January 20, 2022


San Francisco, CA–The Recology Artist in Residence Program (AIR) is pleased to announce an upcoming exhibition for artists Dana Hemenway, Kija Lucas, and Alise Anderson. 

Reservations are required. 

Friday, February 11 from 4:30 – 7:30 PM
Saturday, February 12 from 12 – 3 PM
Tuesday, February 15 from 5 – 7 PM – artist talk by Dana Hemenway at 6 PM and Kija Lucas 6:30 PM (both talks will be live-streamed on Instagram)

503 Tunnel Ave/401 Tunnel Ave 94134

In accordance with the City of San Francisco’s Vaccine Requirements, Recology AIR will be requiring proof of full COVID-19 vaccination for all visitors ages 5 years and older and will accept the following forms of verification: 

      • An original, a copy, or a picture of your CDC vaccination card
      • Documentation from a healthcare provider
      • Digital COVID-19 vaccine record issued by the State of California

Masks will be required at all times for those over 2 years old.

For the safety of everyone, we are limiting the number of guests allowed in the space at a time. Work will be viewable in 30-minute time slots.
Admission is free and open to the public, all ages welcome, wheelchair accessible.  Those unable to attend in person may join the artists on Instagram Live @RecologyAIR on Saturday, February 12 at 11 AM and again at 6 PM on Tuesday, February 15. A virtual representation of the exhibition will also be posted on our website after February 25.

Dana Hemenway
Conversation Pit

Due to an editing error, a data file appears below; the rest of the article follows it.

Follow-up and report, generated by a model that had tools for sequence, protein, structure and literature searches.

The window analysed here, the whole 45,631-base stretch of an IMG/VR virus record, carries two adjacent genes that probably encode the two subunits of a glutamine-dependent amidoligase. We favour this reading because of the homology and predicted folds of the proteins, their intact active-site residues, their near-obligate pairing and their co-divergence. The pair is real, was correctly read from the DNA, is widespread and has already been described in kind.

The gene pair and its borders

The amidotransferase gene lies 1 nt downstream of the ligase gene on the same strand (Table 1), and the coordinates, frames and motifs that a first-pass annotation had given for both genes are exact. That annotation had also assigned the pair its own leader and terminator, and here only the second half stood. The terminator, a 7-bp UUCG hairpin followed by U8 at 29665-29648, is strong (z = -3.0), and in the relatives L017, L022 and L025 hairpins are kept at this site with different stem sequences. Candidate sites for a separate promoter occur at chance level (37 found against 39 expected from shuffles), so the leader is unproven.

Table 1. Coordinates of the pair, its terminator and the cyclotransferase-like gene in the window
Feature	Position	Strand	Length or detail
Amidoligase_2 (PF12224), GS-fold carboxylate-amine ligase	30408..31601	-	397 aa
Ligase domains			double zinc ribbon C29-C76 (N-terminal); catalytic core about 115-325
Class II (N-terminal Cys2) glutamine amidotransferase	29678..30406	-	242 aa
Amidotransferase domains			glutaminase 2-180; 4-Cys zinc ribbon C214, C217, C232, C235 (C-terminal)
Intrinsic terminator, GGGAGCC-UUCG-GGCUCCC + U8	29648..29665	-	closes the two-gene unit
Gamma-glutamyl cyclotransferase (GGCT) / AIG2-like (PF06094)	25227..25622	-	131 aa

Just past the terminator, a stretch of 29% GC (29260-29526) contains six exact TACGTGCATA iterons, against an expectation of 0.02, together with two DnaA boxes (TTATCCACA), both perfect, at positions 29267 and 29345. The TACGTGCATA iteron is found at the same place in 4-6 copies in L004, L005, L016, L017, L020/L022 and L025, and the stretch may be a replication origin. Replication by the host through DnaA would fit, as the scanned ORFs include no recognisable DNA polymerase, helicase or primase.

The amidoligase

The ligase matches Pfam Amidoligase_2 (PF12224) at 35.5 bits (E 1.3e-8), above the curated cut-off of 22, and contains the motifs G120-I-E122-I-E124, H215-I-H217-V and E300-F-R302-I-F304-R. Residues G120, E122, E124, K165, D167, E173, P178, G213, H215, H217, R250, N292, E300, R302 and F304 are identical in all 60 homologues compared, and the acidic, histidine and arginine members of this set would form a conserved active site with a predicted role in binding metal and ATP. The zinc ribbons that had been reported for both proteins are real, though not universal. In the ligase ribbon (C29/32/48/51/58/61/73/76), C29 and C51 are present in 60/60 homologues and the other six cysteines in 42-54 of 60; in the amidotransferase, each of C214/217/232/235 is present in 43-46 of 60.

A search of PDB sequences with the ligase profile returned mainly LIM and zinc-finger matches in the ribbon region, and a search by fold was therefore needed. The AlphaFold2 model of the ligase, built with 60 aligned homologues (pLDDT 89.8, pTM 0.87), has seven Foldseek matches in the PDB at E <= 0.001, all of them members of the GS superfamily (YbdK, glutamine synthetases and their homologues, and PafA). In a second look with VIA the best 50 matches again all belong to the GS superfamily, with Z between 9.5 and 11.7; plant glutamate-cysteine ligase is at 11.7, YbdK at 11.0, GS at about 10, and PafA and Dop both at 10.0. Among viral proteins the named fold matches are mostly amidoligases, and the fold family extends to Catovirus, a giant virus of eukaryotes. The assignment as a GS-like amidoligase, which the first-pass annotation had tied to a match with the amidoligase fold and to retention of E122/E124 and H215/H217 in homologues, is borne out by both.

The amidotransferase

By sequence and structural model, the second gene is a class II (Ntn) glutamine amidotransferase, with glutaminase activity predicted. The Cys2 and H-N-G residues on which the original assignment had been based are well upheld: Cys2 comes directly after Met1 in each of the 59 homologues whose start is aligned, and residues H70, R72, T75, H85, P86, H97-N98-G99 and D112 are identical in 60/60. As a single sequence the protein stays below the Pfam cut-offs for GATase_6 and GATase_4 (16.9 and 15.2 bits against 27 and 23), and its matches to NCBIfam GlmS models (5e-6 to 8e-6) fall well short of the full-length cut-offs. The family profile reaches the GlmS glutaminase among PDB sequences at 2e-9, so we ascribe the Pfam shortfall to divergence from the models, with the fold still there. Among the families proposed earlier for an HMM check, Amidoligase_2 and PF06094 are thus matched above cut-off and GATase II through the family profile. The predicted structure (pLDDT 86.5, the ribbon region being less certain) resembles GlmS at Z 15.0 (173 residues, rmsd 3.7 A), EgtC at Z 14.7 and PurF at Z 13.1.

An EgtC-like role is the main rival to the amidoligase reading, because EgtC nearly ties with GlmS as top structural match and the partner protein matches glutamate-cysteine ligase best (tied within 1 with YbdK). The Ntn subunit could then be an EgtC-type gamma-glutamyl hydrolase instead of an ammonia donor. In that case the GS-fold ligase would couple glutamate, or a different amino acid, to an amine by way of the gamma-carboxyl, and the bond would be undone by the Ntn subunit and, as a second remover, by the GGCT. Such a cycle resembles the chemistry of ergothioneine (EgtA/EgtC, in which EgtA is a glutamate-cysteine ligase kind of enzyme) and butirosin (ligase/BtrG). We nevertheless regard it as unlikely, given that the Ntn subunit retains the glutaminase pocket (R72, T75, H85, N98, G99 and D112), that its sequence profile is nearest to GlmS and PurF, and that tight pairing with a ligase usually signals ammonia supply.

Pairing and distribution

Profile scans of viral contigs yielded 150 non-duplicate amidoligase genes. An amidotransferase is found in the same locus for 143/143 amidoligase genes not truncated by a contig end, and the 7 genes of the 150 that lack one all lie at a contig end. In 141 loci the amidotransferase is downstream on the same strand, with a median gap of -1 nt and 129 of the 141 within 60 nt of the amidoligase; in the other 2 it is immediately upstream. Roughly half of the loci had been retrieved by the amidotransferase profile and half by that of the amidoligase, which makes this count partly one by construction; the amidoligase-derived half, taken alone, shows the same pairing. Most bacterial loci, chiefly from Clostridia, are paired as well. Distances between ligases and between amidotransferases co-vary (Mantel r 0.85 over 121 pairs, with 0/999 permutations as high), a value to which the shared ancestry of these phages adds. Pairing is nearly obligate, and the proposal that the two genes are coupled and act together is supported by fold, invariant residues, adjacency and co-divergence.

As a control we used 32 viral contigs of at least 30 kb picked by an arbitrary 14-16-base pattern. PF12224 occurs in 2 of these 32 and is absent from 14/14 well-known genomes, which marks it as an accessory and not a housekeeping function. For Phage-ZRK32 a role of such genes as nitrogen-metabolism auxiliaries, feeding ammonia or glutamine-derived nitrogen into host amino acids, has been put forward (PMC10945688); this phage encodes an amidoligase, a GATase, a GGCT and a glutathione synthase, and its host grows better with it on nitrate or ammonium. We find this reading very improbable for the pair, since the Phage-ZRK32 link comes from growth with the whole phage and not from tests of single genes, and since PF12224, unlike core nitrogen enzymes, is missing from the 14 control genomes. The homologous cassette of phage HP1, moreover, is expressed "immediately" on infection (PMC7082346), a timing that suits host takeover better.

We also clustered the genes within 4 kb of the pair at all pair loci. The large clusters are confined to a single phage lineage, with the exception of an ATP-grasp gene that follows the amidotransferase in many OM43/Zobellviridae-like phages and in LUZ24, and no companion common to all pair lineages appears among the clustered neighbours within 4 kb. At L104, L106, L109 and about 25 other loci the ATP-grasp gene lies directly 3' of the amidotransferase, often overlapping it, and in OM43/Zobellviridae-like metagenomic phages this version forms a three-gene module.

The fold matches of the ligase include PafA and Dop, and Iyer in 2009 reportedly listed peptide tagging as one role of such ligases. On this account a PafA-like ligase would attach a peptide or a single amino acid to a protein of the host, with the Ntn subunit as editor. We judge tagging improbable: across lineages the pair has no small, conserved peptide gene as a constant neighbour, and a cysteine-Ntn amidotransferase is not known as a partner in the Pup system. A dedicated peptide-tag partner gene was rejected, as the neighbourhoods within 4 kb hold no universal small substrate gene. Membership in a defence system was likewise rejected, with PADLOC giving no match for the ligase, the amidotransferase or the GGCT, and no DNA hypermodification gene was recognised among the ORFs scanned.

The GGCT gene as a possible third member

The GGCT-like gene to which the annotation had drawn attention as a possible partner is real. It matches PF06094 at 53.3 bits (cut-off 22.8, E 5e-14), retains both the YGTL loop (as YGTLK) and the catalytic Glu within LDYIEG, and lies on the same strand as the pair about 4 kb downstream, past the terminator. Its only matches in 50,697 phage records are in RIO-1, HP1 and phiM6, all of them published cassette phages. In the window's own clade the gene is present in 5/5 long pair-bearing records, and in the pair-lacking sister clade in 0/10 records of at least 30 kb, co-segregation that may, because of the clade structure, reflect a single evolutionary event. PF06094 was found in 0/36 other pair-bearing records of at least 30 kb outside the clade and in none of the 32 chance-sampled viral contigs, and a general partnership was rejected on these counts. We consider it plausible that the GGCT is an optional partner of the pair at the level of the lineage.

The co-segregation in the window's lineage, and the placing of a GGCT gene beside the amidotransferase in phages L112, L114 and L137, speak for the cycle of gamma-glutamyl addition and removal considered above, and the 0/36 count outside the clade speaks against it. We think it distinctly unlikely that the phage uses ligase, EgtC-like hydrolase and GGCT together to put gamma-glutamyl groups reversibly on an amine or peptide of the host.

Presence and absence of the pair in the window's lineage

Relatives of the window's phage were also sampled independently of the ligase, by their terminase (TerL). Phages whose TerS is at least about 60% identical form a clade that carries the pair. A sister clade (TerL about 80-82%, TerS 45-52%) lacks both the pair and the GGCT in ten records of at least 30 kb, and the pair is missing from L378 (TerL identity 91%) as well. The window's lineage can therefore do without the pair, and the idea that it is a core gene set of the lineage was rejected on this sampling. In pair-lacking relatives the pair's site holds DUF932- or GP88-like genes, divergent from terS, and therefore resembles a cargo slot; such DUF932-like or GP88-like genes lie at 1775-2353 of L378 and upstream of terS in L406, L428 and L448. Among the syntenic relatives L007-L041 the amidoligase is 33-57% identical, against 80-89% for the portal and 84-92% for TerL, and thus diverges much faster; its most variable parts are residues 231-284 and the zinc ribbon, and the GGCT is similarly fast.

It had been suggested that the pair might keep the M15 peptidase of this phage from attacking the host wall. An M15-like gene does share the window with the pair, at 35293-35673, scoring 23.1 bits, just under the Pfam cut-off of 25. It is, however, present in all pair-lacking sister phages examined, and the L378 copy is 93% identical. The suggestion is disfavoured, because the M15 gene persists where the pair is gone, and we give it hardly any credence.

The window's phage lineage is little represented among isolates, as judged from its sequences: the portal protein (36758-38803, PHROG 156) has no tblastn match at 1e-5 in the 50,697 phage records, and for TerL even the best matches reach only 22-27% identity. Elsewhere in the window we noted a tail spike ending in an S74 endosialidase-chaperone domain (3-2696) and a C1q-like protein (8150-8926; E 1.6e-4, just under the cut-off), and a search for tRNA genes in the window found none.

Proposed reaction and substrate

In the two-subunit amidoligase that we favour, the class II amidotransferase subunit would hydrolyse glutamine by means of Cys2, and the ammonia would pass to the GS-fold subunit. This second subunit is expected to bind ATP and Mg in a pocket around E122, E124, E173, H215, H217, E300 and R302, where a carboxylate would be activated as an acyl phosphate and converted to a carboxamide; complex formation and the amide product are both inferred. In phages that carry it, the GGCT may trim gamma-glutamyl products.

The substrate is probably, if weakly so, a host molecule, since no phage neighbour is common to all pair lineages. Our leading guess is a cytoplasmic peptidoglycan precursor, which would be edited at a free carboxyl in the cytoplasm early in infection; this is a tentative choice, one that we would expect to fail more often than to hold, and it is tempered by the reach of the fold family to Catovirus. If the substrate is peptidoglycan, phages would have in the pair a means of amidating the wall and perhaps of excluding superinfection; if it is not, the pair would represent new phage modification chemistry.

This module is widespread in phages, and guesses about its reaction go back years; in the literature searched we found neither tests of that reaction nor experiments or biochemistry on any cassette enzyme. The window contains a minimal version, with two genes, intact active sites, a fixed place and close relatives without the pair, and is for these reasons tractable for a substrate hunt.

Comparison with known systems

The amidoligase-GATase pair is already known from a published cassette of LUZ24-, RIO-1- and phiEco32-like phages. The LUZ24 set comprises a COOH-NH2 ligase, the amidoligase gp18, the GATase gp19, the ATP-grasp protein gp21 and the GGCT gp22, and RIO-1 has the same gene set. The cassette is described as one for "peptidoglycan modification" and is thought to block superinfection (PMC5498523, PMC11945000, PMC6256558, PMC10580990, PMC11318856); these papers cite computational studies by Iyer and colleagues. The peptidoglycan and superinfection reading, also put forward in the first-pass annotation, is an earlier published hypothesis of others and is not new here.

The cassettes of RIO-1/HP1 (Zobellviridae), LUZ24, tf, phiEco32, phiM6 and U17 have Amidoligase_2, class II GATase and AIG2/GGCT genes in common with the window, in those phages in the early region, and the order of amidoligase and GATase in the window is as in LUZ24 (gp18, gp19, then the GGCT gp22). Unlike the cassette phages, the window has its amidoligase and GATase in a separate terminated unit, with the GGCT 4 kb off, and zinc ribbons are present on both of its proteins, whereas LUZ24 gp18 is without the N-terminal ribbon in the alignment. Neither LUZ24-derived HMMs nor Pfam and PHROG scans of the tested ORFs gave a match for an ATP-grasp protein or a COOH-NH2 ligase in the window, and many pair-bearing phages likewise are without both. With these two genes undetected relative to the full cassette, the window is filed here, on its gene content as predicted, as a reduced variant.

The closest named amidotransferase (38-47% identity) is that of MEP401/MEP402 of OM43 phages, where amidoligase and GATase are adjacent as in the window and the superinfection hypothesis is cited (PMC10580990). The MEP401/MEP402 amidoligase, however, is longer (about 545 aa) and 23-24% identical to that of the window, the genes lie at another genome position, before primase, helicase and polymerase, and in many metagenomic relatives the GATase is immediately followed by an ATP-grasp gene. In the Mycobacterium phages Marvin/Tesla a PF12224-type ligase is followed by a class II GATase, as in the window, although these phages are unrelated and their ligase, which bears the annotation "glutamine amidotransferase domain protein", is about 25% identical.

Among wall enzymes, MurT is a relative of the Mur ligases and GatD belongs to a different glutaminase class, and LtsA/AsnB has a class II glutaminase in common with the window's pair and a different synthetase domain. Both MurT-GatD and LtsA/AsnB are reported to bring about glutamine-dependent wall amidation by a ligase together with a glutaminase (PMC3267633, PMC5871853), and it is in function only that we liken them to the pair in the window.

Written by Weston Teruya

Dana Hemenway excavates utilitarian materials hidden within the infrastructure of the built environment, transforming them through fiber arts techniques to create sculptures that dissolve the boundaries between domestic crafts, interior design, and building labor. For Conversation Pit, Hemenway intertwines and layers an array of objects gathered during her time in-residence, reshaping them into a series of detailed sculptures that invite close inspection.

While at Recology, Hemenway laboriously processed the collected materials, transmuting unremarkable substances that are often discarded in construction–like rosin-paper drop cloth and sawdust–to coat the surfaces of wireframes or metal table bases. She intuitively wove these together with an assortment of other media, including quilted placemats, cloth-covered wiring, chiffon ribbon, vinyl-coated cable, MDF, and enamel pins–some seemingly discarded when brand new and others bearing traces of their past use. As a result, the richly textured pieces reveal new facets as you consider each piece of the whole, whether the sooty weathering on one side of recovered electrical wiring or the hints of the original textile print on a cut cloth surface. In Hemenway’s reshaping of materials, she grants the same respect to the overlooked and ephemeral as to furnishings, prompting us to reflect on the value we place on the things that surround us and the work and resources it takes to produce them.